In 2016, the pipeline industry landscape in America is experiencing quite a dichotomy. On one hand, oil and gas production is at an all-time high, and we are well positioned to become an energy independent nation if we build the necessary pipeline infrastructure to transport it. On the other, pipeline projects are met with a level of distrust and protest never seen in our country’s history. Just look at Dakota Access: The project has been approved and yet every day it seems there is a new story about a protest concerning the project. In fact, construction has already been halted in North Dakota and Iowa due to such protests. However, it’s not the only pipeline project dealing with lawsuits and protests. Sabal Trail, Constitution, PennEast, etc., you name it, they are suffering from the same legal issues too.
Though it’s tempting, and even understandable, for pipeline companies to lash out against protesters, that’s not the smart play here. Led by millennials that are environmentally conscious and not afraid to stand up for what they believe in, coupled with a lack of harsh punishment for their actions and media outlets that are all too willing to give them the attention and martyr status they crave, the reality is pipeline protests are here to stay and fighting fire with fire will only make things worse.
With that in mind, the question becomes, how does the pipeline industry in America go about changing the perspective of a protester? In my opinion, it starts and ends with education, and showing protesters that pipeline companies acknowledge and care about their concerns.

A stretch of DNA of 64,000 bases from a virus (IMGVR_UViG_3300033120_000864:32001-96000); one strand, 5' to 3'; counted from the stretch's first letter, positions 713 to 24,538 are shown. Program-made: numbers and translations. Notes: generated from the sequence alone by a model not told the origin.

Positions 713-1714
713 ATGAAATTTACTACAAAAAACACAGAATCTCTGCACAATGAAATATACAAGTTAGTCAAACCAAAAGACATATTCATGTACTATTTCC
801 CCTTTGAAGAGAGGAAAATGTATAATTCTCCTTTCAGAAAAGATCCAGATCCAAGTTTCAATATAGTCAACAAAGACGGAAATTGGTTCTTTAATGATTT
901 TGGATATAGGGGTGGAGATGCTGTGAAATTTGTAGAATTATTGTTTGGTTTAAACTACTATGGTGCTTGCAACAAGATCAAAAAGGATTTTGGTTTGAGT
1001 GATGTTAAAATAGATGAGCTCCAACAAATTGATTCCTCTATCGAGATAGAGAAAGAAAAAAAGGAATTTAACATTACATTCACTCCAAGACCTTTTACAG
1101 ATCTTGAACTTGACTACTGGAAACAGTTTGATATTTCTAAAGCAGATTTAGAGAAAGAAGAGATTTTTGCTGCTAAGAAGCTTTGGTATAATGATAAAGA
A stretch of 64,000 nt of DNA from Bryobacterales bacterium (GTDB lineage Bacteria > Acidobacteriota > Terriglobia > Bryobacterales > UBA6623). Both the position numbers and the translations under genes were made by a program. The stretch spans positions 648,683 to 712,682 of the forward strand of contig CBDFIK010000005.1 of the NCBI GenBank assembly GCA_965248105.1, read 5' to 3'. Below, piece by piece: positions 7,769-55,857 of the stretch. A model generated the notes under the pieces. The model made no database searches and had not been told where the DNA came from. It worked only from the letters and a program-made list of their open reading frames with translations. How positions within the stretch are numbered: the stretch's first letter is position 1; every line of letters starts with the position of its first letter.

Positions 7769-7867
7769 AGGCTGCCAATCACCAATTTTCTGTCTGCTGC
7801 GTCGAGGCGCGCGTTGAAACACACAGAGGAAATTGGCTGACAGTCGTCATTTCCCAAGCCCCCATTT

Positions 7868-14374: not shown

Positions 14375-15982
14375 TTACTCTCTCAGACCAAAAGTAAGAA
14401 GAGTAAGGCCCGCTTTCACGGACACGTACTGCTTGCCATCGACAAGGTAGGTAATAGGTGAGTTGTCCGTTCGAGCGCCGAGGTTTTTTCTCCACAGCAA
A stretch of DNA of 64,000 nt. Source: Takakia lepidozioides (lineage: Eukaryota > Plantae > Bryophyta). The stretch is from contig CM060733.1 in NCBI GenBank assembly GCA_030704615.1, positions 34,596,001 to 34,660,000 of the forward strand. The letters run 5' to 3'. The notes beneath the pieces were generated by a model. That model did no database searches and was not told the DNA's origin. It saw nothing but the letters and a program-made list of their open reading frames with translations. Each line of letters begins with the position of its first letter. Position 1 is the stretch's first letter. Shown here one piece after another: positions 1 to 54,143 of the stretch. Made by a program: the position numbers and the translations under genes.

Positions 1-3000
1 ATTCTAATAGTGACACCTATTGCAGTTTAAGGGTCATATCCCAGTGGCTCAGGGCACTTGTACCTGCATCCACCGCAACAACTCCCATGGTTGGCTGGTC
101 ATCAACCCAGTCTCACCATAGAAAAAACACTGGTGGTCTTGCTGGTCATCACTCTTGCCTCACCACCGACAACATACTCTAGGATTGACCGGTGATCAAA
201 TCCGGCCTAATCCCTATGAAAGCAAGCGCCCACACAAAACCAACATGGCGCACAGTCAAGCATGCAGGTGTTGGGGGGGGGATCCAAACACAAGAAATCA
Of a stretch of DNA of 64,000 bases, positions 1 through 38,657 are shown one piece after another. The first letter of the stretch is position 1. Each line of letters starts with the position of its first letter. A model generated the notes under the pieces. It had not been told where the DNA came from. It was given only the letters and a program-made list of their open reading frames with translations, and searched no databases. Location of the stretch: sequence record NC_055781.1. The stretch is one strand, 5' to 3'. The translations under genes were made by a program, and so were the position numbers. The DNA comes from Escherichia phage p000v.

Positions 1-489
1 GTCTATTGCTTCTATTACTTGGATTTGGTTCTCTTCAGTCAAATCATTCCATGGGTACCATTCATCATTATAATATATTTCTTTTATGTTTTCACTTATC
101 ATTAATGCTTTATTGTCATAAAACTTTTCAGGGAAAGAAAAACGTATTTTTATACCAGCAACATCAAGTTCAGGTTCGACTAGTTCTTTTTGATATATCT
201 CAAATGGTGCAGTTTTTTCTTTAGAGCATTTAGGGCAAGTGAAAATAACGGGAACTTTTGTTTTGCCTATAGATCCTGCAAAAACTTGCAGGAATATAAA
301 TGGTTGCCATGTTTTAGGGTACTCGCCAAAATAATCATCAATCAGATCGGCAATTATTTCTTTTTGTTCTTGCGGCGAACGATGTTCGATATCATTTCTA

While it’s true that some protesters won’t believe whatever comes out of a pipeline company’s mouth, we have to embark on a grassroots movement to prove to people across America that pipelines are safe, and will not negatively impact their daily lives. Perhaps that’s organizations like INGAA, AGA, API, AOPL, etc. setting up camp where pipelines are proposed to be built and taking the time to answer all questions open and honestly? Perhaps it’s sharing the stories of pipeliners across America and how their livelihood depends on these projects, and what impact construction delays have on them and their loved ones?
Perhaps it’s showing people how oil and natural gas help make products we use everyday, such as computers, smartphones and tablets? Perhaps it’s explaining how natural gas helps heat their homes, and how a greater natural gas supply will reduce their monthly utility bills? Perhaps pipeline companies need to make it a point to advertise with media outlets across the country to get the message out that pipelines are safe, environmentally friendly, and positively impact the day-to-day life of every American?
No matter the method, the bottom line is: While it won’t be easy to change the way all Americans view pipelines, we have to do whatever it takes to try. The future of the industry depends on it.